My life was changed by someone asking, “how are you?”
A new friend placed his hand on my shoulder, his eyes pierced into mine like a loving laser beam, and he said a second time, “how are you, really?”
I’ve told this story hundreds of times. It’s central to my testimony.
But I realized recently I’ve been telling the story wrong. You see, my life changed afterward — on the car ride home from that ordinary encounter in the hot summer of 2008.
As I entered my car and turned on the A/C, my phone did not automatically connect. That dumb phone couldn’t, even if it tried. My mp3 player, still with legacy songs from Limewire, did not play through my speakers. There was no audio acclimatized to my taste. The radio might have been on – I don’t remember – but it certainly didn’t have a multi-million dollar AI algorithm catered to me. Probably just some Ne-Yo, Flo Rida, or Jason Mraz. Yeah, forgettable.
My mind didn’t wander, it wondered. I felt the weight of eternity.
I remember being both confused and absorbed, downcast yet somehow appreciating the sense of weakness. It was wonder – not music nor podcasts – that filled my soul. I thought life might be meaningless. I could tell my new friend, “I’m doing good,” but I was just a blade of grass soon to wither away. What is life? Why do I exist? How am I doing, really? These questions prodded me — my life didn’t have to be meaningless, did it? If only there was something, or Someone, bigger than myself to live for. I was filled with wonder at the smallness of self and the grandeur of God.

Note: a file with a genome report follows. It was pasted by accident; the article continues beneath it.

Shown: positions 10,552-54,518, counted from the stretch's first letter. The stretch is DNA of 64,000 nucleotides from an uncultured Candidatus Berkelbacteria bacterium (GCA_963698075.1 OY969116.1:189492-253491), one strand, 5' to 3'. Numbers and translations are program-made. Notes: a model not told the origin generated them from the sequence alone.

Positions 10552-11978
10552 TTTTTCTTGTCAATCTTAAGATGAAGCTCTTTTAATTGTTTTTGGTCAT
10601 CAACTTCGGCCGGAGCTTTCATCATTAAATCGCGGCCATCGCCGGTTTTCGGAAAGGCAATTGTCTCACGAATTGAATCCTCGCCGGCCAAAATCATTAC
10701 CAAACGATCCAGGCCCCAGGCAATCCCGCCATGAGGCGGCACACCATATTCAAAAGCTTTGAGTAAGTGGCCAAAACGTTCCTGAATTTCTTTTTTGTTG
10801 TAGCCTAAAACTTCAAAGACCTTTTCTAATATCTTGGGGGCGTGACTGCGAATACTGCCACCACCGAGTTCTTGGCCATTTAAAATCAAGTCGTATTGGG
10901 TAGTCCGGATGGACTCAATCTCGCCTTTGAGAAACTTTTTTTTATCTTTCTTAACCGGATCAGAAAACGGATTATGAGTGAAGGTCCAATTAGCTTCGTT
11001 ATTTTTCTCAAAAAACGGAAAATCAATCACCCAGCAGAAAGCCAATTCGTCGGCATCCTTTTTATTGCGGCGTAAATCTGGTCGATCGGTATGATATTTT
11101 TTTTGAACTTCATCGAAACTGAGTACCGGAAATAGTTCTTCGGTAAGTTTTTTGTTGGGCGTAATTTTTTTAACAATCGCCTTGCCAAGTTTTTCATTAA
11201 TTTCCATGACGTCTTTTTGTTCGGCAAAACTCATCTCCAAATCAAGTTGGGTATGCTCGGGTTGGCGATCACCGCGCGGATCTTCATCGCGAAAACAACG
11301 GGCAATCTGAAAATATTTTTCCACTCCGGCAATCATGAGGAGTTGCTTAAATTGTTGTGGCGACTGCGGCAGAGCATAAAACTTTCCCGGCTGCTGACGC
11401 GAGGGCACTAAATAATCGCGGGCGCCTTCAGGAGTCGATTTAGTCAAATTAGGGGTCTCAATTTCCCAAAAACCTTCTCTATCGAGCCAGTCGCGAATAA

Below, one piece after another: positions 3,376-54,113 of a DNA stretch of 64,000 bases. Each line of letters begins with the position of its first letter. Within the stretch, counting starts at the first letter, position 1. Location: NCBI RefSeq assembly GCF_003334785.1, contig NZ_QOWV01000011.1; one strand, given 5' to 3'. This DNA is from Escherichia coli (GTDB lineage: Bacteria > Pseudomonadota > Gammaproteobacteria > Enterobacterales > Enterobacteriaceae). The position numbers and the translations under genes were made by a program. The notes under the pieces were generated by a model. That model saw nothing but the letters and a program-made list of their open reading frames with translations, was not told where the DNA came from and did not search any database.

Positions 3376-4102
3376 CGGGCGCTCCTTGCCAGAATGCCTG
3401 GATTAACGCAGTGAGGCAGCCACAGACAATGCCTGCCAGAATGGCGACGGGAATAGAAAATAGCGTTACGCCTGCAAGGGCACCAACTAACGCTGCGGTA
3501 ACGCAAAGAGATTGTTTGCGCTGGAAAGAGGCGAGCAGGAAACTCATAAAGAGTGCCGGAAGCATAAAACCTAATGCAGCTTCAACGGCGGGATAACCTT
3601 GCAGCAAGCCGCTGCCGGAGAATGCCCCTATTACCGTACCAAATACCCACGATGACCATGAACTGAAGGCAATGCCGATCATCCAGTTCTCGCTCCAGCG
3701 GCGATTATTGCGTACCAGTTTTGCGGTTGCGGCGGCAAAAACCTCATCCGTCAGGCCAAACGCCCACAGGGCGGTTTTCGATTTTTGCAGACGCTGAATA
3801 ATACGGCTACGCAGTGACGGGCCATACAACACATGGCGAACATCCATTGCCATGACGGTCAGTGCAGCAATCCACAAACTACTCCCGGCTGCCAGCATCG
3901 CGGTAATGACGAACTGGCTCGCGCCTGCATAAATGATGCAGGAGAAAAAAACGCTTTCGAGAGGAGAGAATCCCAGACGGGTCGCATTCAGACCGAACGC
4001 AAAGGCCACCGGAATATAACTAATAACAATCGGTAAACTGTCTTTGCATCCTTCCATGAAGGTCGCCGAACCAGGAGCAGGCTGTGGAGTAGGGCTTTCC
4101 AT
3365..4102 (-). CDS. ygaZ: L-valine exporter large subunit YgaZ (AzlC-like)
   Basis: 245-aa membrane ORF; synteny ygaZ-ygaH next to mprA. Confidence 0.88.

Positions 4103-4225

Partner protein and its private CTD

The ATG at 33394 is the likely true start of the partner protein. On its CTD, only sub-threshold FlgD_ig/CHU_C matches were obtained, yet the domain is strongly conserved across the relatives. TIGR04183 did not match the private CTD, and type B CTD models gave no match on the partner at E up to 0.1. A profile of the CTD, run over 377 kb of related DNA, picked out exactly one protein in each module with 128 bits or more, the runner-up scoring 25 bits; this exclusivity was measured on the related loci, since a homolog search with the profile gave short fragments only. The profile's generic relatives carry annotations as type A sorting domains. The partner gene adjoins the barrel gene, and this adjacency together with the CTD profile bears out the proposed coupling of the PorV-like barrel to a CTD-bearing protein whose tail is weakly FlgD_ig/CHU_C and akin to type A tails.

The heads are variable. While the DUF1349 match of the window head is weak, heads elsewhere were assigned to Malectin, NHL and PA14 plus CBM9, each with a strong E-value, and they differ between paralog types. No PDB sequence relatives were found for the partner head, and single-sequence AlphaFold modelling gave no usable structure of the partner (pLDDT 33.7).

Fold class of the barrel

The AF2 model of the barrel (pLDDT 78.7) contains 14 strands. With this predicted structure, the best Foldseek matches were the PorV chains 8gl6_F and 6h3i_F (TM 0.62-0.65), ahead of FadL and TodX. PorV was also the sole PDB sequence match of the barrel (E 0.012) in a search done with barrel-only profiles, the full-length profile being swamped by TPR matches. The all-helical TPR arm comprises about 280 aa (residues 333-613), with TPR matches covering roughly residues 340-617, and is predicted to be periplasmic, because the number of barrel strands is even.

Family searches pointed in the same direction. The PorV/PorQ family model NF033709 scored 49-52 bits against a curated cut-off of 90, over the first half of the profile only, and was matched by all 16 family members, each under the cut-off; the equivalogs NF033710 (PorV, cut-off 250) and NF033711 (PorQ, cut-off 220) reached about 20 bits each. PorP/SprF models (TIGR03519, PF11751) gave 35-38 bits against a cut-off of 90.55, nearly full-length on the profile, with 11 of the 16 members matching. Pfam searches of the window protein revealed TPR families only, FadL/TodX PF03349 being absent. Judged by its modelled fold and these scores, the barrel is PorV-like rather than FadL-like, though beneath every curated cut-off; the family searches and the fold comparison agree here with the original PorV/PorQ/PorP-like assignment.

God was and is the meaning I was missing. My life was marked for more than, “I’m doing good.”
Distracted By Our Modern World
Tech companies try to kidnap us with personally tailored digital candy. They don’t arrive in a white van without windows to tempt us but leverage the very device you’re using now. And there’s no audible, “want some candy?” just a little red dot on the screen awaiting your touch or the next song in a smart playlist sure to please.
I could only turn the simple words, “how are you” into something profound when I had time to reflect; when I wasn’t distracted.
M. Sarcasas, a deep thinker on society and technology, recently explained how our modern age inhibits wonder. He says, “wonder arises when the commonplace becomes suddenly perplexing or the ordinary takes on an extraordinary quality.” The combination of curated entertainment, digitally-generated visual stimuli, and our tech-taught habit of skimming all discourage wonder.
But this isn’t simply a fourteen-year-old story concerning the rise of digital distraction. Charles Taylor describes the story of modernity (the last 300-400 years) as moving away from an enchanted world to one where at default we assume the material world is all there is. Our modern age teaches us to ignore life’s big questions; we learn how the world works and what it is made of instead of why we are here or who we live for.
Technology and modernity impede wonder. But distraction preceded both.